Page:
These disciples have the gall to make demands of Jesus right after Jesus tells this disciples for the third and final time that he is heading to Jerusalem to suffer and die there. James’ and John’s request then is all the more ironic and illustrative complete incomprehension of the Son of Man.

Jesus’ reaction is to tell James and John that they do not know what they are asking. Don’t they? They want to share in Jesus’ power and in Jesus’ glory. What they don’t know is how much it will cost them to get it. As Jesus continues his scolding, he says as much. “The cup I drink, you will drink and the baptism with which I am baptized, you will also be baptized.”

Bible Tuesday for 10/11/15

Bible Tuesday for Sunday, October 11, 2015

Amos 5:6-15

Seek the Lord and live,
or he will break out against the house of Joseph like fire,
and it will devour Bethel, with no one to quench it.
7 Ah, you that turn justice to wormwood,
and bring righteousness to the ground!

8 The one who made the Pleiades and Orion,
and turns deep darkness into the morning,
and darkens the day into night,
who calls for the waters of the sea,
and pours them out on the surface of the earth,
the Lord is his name,
9 who makes destruction flash out against the strong,
so that destruction comes upon the fortress.

10 They hate the one who reproves in the gate,
and they abhor the one who speaks the truth.
11 Therefore, because you trample on the poor
and take from them levies of grain,
you have built houses of hewn stone,
but you shall not live in them;
you have planted pleasant vineyards,
but you shall not drink their wine.
12 For I know how many are your transgressions,
and how great are your sins—
you who afflict the righteous, who take a bribe,
and push aside the needy in the gate.
13 Therefore the prudent will keep silent in such a time;
for it is an evil time

14 Seek good and not evil,
that you may live;
and so the Lord, the God of hosts, will be with you,
just as you have said.
15 Hate evil and love good,
and establish justice in the gate;
it may be that the Lord, the God of hosts,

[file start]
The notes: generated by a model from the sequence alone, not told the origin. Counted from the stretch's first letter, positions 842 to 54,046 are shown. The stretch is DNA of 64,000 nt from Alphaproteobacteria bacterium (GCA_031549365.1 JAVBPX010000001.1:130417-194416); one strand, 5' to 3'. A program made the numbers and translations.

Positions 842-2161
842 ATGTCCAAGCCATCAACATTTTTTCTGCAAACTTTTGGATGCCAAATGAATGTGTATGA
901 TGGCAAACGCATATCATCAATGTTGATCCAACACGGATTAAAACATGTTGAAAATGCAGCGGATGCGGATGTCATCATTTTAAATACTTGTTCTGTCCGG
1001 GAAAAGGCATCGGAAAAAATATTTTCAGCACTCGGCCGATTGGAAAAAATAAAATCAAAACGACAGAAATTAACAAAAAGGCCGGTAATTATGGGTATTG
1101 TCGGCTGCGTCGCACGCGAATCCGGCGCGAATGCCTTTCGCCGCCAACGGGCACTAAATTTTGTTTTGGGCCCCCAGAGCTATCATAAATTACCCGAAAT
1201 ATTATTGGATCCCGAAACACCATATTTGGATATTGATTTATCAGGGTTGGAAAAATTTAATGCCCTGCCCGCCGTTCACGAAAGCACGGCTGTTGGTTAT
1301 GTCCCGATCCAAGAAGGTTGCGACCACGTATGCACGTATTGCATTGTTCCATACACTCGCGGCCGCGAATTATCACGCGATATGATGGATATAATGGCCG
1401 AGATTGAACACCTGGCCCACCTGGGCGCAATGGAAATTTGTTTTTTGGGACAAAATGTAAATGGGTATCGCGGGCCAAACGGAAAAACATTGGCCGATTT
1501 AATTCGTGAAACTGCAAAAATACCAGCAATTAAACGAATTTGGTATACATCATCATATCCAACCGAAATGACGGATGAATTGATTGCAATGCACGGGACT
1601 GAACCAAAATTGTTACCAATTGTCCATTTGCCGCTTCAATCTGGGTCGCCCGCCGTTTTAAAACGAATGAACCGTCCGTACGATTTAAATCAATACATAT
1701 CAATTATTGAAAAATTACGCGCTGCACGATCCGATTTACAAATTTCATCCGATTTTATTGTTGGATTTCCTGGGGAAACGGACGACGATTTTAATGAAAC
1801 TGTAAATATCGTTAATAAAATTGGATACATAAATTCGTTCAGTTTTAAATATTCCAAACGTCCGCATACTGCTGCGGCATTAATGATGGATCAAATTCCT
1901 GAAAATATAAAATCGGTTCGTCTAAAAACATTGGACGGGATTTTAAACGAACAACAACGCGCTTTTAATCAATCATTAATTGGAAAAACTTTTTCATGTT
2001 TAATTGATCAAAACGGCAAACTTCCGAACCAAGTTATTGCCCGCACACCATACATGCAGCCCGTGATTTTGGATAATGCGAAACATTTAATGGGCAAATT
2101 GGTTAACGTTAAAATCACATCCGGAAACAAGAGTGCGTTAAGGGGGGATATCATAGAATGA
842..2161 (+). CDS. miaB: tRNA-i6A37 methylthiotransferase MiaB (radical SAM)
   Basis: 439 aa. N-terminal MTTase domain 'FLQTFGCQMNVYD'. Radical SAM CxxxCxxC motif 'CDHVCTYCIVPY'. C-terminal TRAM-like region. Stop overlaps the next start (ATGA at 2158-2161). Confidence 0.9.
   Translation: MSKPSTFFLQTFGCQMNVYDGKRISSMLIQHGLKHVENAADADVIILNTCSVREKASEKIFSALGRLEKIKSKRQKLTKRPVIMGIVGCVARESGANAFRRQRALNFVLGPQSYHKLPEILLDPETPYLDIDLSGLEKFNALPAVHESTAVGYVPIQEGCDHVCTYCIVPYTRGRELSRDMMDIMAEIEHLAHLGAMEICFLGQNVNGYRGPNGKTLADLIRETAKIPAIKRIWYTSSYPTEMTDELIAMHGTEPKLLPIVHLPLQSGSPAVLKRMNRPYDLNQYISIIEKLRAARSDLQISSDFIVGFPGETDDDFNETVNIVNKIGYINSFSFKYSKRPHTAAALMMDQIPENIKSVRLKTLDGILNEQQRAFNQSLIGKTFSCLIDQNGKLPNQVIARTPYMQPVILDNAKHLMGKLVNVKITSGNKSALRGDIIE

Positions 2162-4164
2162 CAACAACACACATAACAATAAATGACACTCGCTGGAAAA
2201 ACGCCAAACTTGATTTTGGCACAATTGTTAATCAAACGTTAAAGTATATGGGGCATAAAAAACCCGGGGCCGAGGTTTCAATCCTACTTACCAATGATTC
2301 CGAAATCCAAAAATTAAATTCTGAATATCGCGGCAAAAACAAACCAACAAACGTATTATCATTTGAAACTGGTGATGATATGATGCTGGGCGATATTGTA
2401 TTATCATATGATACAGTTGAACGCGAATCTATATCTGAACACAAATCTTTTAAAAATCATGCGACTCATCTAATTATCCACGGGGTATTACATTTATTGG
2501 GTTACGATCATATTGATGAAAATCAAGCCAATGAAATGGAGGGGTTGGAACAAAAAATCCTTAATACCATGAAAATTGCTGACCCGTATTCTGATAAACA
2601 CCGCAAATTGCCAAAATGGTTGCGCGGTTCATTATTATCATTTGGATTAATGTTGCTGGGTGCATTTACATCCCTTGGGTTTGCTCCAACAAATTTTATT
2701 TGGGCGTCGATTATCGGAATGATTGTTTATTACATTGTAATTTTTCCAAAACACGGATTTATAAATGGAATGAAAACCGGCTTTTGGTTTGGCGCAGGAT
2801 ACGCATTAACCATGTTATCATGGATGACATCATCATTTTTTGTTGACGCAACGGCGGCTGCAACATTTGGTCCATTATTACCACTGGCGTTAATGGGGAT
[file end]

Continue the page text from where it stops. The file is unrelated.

will be gracious to the remnant of Joseph.

The prophet, Amos, is sent by God to proclaim words of judgement, warning, and comfort to the northern kingdom of Israel that they might be faithful to God and spared defeat by Assyria. While many of the minor prophetic books in the Hebrew Scriptures are written in this same context, Amos is unique in that the prophet rejects the Northern Kingdom’s worship site of Bethel in favor of the Temple in Jerusalem, and prophesies not against religious sins, such as worship of Baal and other gods, but against social and political sins, as mentioned in the above pericope.

Verse 10’s “They” refers to the Israelites of the Northern Kingdom. “They” are acting as spoiled, rebellious children against those put in authority by God. Most ancient cities in most cultures were walled. Israelite cities had gates that were rather like apartment buildings which straddled large, arched gates that ran right through their middles. The exterior walls of these apartment building-gates were several feet thick. Offices were found in them for the guards of the gates, as well as offices for city officials and for the courts. It is in the city gates that prophets frequently delivered their messages from God, and it was to the city gate one went with official business such as property disputes. It is to here that the poor come, seeking justice, or assistance.

Amos decries the behavior of the powerful in the Northern Kingdom, condemning their injustice, especially to the needy. But note how the tone of chastisement flows into exhortation in the final verses. There is always hope in God, for God is faithful to the covenants.

Psalm 90:12-17

So teach us to count our days
that we may gain a wise heart.

13 Turn, O Lord! How long?
Have compassion on your servants!
14 Satisfy us in the morning with your steadfast love,
so that we may rejoice and be glad all our days.
15 Make us glad for as many days as you have afflicted us,
and for as many years as we have seen evil.
16 Let your work be manifest to your servants,
and your glorious power to their children.
17 Let the favour of the Lord our God be upon us,
and prosper for us the work of our hands—
O prosper the work of our hands!

This psalm and psalm 91 are recited at the beginning of morning services on sabboth and other festivals. Psalm 90 contrasts human transience with God’s eternity. While God is eternal, human future is found in their children and their children’s children, and in those things people have done that last beyond their own lifetime. It is to these that the psalmist refers in verses 16-17

Hebrews 4:12-16

Indeed, the word of God is living and active, sharper than any two-edged sword, piercing until it divides soul from spirit, joints from marrow; it is able to judge the thoughts and intentions of the heart. 13And before him no creature is hidden, but all are naked and laid bare to the eyes of the one to whom we must render an account.

14 Since, then, we have a great high priest who has passed through the heavens, Jesus, the Son of God, let us hold fast to our confession. 15For we do not have a high priest who is unable to sympathize with our weaknesses, but we have one who in every respect has been tested* as we are, yet without sin. 16Let us therefore approach the throne of grace with boldness, so that we may receive mercy and find grace to help in time of need.